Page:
Barbara Zaragoza 9:30 a.m., May 5
Review: Casa de Mi Padre
I had a good time at Casa de Mi Padre, Will Ferrell's semi-send-up of Mexican telenovelas (filmed, we are told at the outset, in MexicoScope). By the end of this review, I think you'll have a pretty good idea if you will, too.
There are several layers of humor at work here. The first, and finest, is made from from Ferrell's straight-up performance as a Mexican ranchero. It's a role that has him making impassioned declarations like, "I'll take care of my family. I'll let the devil take care of you!" And again, later, "You came from trouble, and you carry it with you." It's not the sort of thing that brings guffaws, but damn if it isn't delightful. I was grinning for probably half the movie just because Ferrell gave himself to the role.
The second, easier layer imitates florid telenovela story elements. A boy's father gives him his own father's gun and tells the child to protect his mother; when bandits arrive, the hapless child accidentally kills her. True love, the dignity of the land, family honor, rival brothers, creepy uncles - it's all here. If we didn't know better, we'd call it old-fashioned gothic storytelling. But we do know better, and that's the fun of it.
The third layer is even less complicated: mockery of the genre's more outlandish visual techniques. Say, a slow-motion bloodbath at a wedding that finishes on a closeup of a white rose dripping blood, or an extended series of super-close reaction shots (so close that all we see are eyeballs).
Let's just number 'em from here on out, and maybe give an example or two.
Four: hackneyed expositional speech: "We are close brothers!" announces one brother to another when they meet.
Five: cheap production techniques. Obviously painted backdrops, fake flowers adorned with fake butterflies in a pastoral setting, a surprisingly moving animatronic white jaguar.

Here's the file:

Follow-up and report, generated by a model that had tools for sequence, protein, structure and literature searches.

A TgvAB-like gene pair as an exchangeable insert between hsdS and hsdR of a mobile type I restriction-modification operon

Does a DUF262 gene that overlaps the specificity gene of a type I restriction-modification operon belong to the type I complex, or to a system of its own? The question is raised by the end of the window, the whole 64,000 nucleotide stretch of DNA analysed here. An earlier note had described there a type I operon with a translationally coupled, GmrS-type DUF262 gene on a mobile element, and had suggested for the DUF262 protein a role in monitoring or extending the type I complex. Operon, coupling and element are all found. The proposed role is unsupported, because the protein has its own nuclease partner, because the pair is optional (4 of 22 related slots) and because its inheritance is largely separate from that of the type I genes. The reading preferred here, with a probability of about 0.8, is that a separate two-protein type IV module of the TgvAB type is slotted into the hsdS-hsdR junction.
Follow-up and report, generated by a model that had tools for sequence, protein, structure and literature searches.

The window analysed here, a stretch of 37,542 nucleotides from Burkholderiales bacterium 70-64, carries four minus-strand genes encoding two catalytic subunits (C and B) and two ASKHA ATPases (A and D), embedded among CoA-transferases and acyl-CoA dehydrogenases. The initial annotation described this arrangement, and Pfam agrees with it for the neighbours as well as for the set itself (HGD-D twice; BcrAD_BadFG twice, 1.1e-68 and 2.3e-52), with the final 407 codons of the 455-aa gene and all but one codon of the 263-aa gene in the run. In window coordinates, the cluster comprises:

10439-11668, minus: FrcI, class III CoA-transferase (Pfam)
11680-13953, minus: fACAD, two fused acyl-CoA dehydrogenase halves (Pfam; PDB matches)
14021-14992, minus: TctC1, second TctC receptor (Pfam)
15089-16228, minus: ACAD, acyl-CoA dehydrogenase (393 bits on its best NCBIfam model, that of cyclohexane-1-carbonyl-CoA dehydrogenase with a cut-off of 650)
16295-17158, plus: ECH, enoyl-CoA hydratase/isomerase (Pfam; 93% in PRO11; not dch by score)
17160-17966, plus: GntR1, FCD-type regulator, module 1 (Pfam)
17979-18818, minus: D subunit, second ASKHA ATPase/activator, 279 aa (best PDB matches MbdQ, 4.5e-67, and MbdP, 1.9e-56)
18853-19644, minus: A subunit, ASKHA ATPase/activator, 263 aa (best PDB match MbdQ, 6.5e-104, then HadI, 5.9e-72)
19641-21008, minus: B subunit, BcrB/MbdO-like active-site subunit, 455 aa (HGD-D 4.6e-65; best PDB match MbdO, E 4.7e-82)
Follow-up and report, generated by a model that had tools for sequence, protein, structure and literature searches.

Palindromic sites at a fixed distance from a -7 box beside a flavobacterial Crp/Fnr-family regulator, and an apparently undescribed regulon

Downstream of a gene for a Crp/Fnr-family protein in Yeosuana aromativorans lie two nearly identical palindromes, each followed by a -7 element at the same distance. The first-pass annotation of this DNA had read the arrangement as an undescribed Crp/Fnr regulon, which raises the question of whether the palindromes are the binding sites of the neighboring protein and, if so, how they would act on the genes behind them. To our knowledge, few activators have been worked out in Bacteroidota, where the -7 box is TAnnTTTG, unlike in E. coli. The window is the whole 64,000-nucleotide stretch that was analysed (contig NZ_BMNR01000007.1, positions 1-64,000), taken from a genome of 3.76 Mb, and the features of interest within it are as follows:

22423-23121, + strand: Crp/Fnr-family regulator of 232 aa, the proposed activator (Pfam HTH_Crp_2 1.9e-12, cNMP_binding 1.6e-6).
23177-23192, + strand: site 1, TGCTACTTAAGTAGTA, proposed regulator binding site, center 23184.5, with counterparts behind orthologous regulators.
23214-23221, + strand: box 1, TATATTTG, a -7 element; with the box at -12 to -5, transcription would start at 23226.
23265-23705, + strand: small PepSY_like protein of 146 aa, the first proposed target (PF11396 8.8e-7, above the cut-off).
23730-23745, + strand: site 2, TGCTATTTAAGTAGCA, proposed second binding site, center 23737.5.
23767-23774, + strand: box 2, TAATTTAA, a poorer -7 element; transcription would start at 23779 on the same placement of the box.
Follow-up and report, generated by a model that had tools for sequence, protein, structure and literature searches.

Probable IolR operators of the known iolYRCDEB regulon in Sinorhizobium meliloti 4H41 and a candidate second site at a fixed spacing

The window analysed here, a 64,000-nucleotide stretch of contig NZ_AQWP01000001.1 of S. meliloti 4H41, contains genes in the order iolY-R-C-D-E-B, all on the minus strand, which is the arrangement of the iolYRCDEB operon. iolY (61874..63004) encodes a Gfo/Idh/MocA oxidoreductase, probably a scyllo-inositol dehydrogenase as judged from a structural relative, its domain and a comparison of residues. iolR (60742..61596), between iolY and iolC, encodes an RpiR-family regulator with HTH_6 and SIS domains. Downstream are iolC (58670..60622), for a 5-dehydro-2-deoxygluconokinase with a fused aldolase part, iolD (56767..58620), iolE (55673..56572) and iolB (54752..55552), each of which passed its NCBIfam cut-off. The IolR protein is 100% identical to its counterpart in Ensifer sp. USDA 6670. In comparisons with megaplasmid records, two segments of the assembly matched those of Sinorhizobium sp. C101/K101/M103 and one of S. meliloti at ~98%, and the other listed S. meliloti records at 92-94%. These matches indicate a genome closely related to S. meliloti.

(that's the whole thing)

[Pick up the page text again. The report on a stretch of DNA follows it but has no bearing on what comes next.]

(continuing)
Six: poor film and sound editing. Just a second before the dubbing kicks in on Ferrell's trumpet solo, we hear him actually try to play.
Seven: general Mexican mockery. A stuffed squirrel on the mantel, a portrait of Mom holding a statue of the baby Jesus.
Eight: jabbing honesty amid the silliness. Ferrell's rant about stupid Americans works precisely because he is playing a Mexican. "They buy houses with no money..."
Ten: Airplane!-style exaggeration. One ranchero smashes his bottle after draining it. The others follow suit. Suddenly, there are hundreds of bottles for the three rancheros to smash.
Eleven: general insanity. Ferrell's spirit journey is...out there.
I'll stop here, and add only that all of these layers hold up only because they rest on the foundation of that first one. There is a real (if B-grade) story here, and the actors tell it almost without a wink. The finale drags, as finales do, and the humor gets long and low in places (see Layer Ten). But as I said, I had a good time.
p.s. Yes, it's in Spanish.
Reader rating: two stars.